The consequences of the military operation in Ukraine hit the supply of grain, vegetable oils and fertilizers. The combination of Western sanctions and a "retaliatory export ban" has resulted in shortages of raw materials and sent fertilizer prices five times higher in selected markets.
World food prices hit a new all-time high already in March, jumping 34% year on year. The situation could leave millions of people hungry, especially in the Middle East and Africa, which are heavily dependent on Russia and Ukraine, also a major food exporter.
Analysts recall that in 2011-2012 the “Arab Spring” protests were fueled to a very large extent by the increase in grain and flour prices, which then partly arose due to a reduction in production in Russia and Ukraine associated with the drought.
3. High-tech raw materials
Russia mines about 37% of palladium entering the world market, a key component of computer chips and batteries. The Russian Federation also accounts for about 11% of nickel supplies. Sanctions and divestment of investments have jeopardized the supply of key materials for electric vehicle and computer chip makers, causing further disruption to high-tech supply chains.
The pandemic has given chipmakers an opportunity to cope with supply disruptions, with major manufacturers stockpiling raw materials and diversifying purchases. But the prospect of a long-term deficit has grown alarmingly large. There are fears that Russia will try to severely punish the West by reducing the export of sapphire substrates.
Russia is the third largest exporter of steel in the world, together with Ukraine it is the leading seller of pig iron and iron ore briquettes used in steel production. The US, by contrast, has been the world's largest buyer of steel raw materials for many years, and received two-thirds of its imports in 2021 from those two countries. Russia is also a major producer of cobalt, aluminum and copper.
The economic impact of Western sanctions has already led to record high prices. These problems are exacerbated by supply disruptions from Ukraine, itself a major metal producer.
The Russian military operation in Ukraine “threatens to turn steel into a luxury item,” writes The Washington Post. The cost of hot-rolled coiled steel hit a record high in mid-March, up almost 250%. The price of steel rebar used in construction projects around the world has risen by 150%. Iron prices also nearly doubled.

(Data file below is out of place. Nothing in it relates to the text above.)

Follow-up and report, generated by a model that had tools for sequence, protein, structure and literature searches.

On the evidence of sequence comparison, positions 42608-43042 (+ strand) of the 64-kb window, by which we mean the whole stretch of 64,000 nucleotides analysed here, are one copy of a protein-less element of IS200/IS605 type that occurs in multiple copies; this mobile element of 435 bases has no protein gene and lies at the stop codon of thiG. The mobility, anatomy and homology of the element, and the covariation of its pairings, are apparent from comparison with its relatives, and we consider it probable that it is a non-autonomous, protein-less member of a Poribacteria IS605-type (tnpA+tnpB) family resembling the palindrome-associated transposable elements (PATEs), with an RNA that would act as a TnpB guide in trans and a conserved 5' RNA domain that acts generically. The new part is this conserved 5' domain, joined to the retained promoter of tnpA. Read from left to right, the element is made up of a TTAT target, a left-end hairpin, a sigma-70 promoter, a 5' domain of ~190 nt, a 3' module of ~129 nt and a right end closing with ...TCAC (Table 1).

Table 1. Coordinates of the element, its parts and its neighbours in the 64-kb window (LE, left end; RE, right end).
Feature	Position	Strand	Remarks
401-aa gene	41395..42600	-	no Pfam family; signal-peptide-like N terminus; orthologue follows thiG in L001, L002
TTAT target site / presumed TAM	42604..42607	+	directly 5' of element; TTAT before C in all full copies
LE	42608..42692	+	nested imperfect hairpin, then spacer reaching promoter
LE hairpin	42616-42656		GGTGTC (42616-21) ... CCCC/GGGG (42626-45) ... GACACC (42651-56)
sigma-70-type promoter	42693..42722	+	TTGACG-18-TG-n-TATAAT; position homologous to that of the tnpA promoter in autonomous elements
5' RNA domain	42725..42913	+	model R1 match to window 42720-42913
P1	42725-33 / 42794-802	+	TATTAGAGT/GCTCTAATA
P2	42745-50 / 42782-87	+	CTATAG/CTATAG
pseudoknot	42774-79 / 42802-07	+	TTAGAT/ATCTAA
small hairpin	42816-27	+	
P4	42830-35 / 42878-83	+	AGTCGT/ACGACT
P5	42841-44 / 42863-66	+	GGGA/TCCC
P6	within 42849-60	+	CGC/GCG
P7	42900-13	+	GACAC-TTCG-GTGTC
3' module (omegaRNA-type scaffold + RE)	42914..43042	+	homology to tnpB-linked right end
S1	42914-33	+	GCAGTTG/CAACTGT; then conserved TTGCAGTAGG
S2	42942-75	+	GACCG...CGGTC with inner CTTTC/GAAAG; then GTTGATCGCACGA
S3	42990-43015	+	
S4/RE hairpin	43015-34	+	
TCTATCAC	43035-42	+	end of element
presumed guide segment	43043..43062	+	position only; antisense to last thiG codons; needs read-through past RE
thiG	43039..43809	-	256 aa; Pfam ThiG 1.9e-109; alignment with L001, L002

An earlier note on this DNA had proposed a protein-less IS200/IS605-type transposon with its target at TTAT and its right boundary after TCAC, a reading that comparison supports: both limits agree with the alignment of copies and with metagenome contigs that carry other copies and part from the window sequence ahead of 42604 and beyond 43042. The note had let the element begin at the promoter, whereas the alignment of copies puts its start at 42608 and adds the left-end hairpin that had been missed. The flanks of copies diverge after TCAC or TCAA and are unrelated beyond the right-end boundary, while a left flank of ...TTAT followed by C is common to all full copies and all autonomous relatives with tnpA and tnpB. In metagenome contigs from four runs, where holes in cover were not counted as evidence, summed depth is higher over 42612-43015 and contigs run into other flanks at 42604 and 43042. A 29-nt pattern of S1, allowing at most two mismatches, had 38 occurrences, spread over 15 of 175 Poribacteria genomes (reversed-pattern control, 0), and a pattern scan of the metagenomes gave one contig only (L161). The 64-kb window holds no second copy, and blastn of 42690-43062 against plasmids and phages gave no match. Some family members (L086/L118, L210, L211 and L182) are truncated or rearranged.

5. Aerospace and international transportation
Russia is the third largest producer of titanium, which is widely used in the production of aircraft and aircraft engines. The Russian territory also offers the shortest air routes from Asia to Europe.
The effects of sanctions disrupt supply chains in the aerospace and defense sectors of Western countries, including the supply of base metals. Global titanium prices jumped as supplies dwindled due to both sanctions on Russian banks and side effects, including a ban on large transport companies from entering Russian ports.
Until recently, Russia accounted for 15-20% of world titanium production. Western aerospace companies have been trying to build up reserves: they have a reserve of six to nine months, Fitch estimates. But the agency's forecast is disappointing:
If disruptions continue beyond 2022, supply availability and higher prices could reduce aerospace profitability and production volumes
Russian airspace is closed to aircraft from dozens of "unfriendly countries" in response to a ban on Russian aircraft. Consequently, international airlines, already suffering from high fuel prices and falling demand in the era of the pandemic, require longer routes bypassing the Russian Federation. This, in turn, leads to an increase in ticket prices and freight rates.
Moscow said foreign airlines are spending an additional $37,5 million a week on flights that bypass the country. In addition, foreign aircraft worth $10 billion “stuck” in Russia “are unlikely to ever be returned,” the Western media hypocritically grieve, “forgetting” about the hundreds of billions of Russian assets actually stolen by the West.